hide Matching Documents

The documents where this entity occurs most often are shown below. Click on a document to open it.

Document Max. Freq Min. Freq
A Dictionary of Greek and Roman biography and mythology (ed. William Smith) 20 20 Browse Search
Samuel Ball Platner, Thomas Ashby, A Topographical Dictionary of Ancient Rome 4 4 Browse Search
Pliny the Elder, The Natural History (ed. John Bostock, M.D., F.R.S., H.T. Riley, Esq., B.A.) 2 2 Browse Search
Flavius Josephus, Antiquities of the Jews (ed. William Whiston, A.M.) 1 1 Browse Search
View all matching documents...

Your search returned 27 results in 25 document sections:

1 2 3
Flavius Josephus, Antiquities of the Jews (ed. William Whiston, A.M.), Book 19, section 185 (search)
And this was the purport of Sentius's oration, Hence we learn that, in the opinion of Saturninus, the sovereign authority of the consuls and senate had been taken away just a hundred years before the death of Caius, A.D. 41, or in the sixtieth year before the Christian saga, when the first triumvirate began under Caesar, Pompey, and Crassus. which was received with pleasure by the senators, and by as many of the equestrian order as were present. And now one Trebellius Maximus rose up hastily, and took off Sentius's finger a ring, which had a stone, with the image of Caius engraven upon it, and which, in his zeal in speaking, and his earnestness in doing what he was about, as it was supposed, he had forgotten to take off himself. This sculpture was broken immediately. But as it was now far in the night, Cherea demanded of the consuls the watchword, who gave him this word, Liberty. These facts were the subjects of admiration to themselves, and almost incredible; for it was a hundred year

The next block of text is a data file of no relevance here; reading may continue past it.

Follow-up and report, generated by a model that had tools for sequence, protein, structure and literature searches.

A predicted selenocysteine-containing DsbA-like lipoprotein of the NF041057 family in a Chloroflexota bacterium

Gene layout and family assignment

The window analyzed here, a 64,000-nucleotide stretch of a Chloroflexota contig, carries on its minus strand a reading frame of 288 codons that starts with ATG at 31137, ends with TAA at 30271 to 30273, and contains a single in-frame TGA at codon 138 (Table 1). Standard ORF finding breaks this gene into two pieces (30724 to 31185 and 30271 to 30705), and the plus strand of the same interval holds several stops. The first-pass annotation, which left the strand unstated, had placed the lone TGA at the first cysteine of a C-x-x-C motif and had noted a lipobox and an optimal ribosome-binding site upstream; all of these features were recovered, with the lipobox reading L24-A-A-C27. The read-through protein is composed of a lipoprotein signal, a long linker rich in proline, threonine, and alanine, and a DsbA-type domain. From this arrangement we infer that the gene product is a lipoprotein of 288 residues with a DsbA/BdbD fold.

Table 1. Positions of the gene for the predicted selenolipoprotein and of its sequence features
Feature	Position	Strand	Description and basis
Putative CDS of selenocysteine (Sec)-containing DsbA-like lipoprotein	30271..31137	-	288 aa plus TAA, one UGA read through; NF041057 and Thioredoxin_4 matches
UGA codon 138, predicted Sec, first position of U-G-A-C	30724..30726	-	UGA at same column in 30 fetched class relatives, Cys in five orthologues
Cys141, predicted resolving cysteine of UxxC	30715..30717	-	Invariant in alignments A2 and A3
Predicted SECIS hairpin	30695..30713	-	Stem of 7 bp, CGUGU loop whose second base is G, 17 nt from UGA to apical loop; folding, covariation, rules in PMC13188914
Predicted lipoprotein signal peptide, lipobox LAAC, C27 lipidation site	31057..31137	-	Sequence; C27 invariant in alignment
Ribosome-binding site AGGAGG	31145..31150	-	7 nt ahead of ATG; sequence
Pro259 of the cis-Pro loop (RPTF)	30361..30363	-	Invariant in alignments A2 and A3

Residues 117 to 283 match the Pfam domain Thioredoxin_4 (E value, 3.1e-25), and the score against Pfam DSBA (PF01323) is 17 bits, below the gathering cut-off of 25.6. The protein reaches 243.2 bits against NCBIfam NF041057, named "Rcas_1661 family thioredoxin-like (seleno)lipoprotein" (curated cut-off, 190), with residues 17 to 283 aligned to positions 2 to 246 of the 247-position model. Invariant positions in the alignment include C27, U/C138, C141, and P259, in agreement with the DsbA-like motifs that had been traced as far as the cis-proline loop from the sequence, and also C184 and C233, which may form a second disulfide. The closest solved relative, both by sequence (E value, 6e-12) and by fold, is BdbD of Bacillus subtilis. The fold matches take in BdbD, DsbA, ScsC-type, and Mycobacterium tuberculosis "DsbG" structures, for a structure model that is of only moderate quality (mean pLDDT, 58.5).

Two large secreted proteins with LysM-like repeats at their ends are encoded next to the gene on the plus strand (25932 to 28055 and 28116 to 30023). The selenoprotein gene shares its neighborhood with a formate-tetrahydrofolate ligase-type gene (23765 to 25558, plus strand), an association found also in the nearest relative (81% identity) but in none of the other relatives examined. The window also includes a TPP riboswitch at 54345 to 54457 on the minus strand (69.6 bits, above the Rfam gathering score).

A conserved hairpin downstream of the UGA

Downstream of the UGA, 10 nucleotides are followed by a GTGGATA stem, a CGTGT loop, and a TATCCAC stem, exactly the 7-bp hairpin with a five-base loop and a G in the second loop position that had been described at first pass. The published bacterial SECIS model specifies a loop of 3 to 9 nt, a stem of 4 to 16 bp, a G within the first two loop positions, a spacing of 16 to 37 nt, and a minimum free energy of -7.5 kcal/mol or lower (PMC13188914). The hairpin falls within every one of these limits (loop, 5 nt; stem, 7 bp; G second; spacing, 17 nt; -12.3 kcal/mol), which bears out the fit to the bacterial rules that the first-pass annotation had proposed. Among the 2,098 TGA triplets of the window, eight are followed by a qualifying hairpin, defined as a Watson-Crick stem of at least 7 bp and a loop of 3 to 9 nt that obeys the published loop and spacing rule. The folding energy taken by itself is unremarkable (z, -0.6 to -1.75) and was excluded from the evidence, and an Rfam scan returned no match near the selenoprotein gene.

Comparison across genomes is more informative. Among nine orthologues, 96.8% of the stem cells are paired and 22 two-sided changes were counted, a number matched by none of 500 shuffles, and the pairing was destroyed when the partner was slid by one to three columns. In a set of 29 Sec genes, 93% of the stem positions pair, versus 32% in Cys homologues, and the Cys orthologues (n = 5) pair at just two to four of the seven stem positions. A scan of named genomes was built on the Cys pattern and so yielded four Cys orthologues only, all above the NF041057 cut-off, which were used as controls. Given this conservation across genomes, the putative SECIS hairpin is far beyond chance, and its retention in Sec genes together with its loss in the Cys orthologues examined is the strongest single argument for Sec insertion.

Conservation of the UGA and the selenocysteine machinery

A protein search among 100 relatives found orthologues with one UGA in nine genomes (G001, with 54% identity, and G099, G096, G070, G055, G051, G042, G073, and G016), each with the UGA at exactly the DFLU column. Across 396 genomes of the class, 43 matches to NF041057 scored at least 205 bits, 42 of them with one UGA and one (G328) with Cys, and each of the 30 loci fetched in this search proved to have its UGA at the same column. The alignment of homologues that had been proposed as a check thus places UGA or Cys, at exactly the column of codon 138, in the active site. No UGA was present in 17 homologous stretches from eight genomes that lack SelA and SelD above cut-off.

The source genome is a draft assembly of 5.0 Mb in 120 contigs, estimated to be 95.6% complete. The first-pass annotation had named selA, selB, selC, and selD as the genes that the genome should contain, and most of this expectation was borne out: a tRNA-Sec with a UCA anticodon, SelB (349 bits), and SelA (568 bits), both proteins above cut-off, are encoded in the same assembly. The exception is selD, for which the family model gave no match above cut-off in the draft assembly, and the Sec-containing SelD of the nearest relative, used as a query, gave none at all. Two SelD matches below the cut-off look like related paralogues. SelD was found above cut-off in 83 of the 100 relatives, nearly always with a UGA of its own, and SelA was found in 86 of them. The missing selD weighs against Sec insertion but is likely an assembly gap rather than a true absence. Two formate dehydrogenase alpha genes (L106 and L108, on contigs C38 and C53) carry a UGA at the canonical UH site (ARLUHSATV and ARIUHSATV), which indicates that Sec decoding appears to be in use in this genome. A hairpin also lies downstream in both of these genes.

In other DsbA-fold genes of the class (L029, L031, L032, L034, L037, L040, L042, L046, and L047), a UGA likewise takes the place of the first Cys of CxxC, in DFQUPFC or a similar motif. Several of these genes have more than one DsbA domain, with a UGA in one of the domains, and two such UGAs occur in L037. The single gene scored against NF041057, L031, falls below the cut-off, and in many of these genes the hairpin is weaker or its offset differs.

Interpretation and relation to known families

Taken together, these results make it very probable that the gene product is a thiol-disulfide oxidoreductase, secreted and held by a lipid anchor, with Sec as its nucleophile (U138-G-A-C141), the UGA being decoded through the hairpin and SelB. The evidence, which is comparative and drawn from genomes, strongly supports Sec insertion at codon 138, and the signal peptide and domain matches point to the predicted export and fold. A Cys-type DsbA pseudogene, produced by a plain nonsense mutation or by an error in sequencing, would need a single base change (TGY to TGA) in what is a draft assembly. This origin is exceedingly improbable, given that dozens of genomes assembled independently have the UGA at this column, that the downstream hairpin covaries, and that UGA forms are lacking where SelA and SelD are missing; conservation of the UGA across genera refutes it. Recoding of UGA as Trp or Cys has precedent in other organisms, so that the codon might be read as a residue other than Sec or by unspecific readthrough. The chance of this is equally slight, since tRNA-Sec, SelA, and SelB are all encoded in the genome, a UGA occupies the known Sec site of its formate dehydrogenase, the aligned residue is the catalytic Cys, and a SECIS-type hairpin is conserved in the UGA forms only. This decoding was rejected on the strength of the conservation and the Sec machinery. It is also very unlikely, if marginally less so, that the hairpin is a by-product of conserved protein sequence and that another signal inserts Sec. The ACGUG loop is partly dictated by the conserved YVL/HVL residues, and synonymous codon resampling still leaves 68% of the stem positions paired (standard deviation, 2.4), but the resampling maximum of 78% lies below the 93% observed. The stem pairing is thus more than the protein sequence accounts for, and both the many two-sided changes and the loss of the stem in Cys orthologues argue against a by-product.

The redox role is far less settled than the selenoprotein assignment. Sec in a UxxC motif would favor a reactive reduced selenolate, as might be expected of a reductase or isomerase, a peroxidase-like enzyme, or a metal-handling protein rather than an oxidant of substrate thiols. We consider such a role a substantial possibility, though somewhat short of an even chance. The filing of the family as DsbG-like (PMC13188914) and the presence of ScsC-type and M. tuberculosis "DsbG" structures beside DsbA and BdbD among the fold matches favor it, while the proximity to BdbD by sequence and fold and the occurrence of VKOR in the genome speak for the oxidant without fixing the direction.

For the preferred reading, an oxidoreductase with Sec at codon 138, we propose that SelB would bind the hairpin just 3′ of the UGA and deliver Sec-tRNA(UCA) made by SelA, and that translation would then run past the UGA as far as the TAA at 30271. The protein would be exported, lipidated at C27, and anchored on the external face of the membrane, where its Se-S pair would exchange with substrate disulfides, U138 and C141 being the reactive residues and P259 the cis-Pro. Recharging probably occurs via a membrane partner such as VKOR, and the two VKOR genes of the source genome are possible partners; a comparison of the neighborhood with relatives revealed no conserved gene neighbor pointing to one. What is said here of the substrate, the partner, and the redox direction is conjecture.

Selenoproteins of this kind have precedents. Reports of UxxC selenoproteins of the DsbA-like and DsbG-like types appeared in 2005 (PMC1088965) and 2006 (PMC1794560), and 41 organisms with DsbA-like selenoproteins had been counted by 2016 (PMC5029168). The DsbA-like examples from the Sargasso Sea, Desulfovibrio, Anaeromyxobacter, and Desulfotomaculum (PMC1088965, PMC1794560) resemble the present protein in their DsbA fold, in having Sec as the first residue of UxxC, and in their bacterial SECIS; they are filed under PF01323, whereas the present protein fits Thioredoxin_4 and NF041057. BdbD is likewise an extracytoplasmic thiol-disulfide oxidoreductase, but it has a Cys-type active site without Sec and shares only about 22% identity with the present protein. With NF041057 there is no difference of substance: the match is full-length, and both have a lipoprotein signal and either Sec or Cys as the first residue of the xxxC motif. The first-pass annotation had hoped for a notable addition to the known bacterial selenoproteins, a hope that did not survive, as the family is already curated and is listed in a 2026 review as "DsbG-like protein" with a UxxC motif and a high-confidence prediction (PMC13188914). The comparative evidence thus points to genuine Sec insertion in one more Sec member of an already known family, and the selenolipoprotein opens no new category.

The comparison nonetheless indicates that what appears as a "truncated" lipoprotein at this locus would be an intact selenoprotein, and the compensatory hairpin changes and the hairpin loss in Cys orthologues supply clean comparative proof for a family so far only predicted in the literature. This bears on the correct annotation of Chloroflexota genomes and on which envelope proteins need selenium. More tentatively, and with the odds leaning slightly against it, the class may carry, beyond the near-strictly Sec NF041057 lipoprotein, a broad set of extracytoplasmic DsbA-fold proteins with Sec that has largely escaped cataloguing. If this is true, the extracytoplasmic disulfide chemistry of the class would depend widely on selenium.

Pliny the Elder, The Natural History (ed. John Bostock, M.D., F.R.S., H.T. Riley, Esq., B.A.), BOOK VI. AN ACCOUNT OF COUNTRIES, NATIONS, SEAS, TOWNS, HAVENS, MOUNTAINS, RIVERS, DISTANCES, AND PEOPLES WHO NOW EXIST, OR FORMERLY EXISTED., CHAP. 5. (5)—THE REGION OF COLICA, THE NATIONS OF THE ACHÆI, AND OTHER NATIONS IN THE SAME PARTS. (search)
ts destruction by the Heniochi, it was restored, and served as an important frontier fortress of the Roman empire against the Scythians. a city of very considerable opulence, but destroyed by the Heniochi: behind it are the Epageritæ, a people of Sarmatian origin, dwelling upon the range of the Caucasus, and beyond them, the Sauromatæ. It was with these people that MithridatesThis was Mithridates, king of Bosporus, which sovereignty he obtained by the favour of the emperor Claudius, in A.D. 41. The circumstances are unknown which led to his subsequent expulsion by the Romans, who placed his younger brother Cotys on the throne in his stead. took refuge in the reign of the Emperor Claudius: and from him we learn that the ThalliHardouin thinks that the Thalli inhabited the present country of Astrakan. join up to them, a people who border on the eastern side upon the mouthIt was the ancient opinion, to which we shall find frequent reference made in the present Book, that the northern po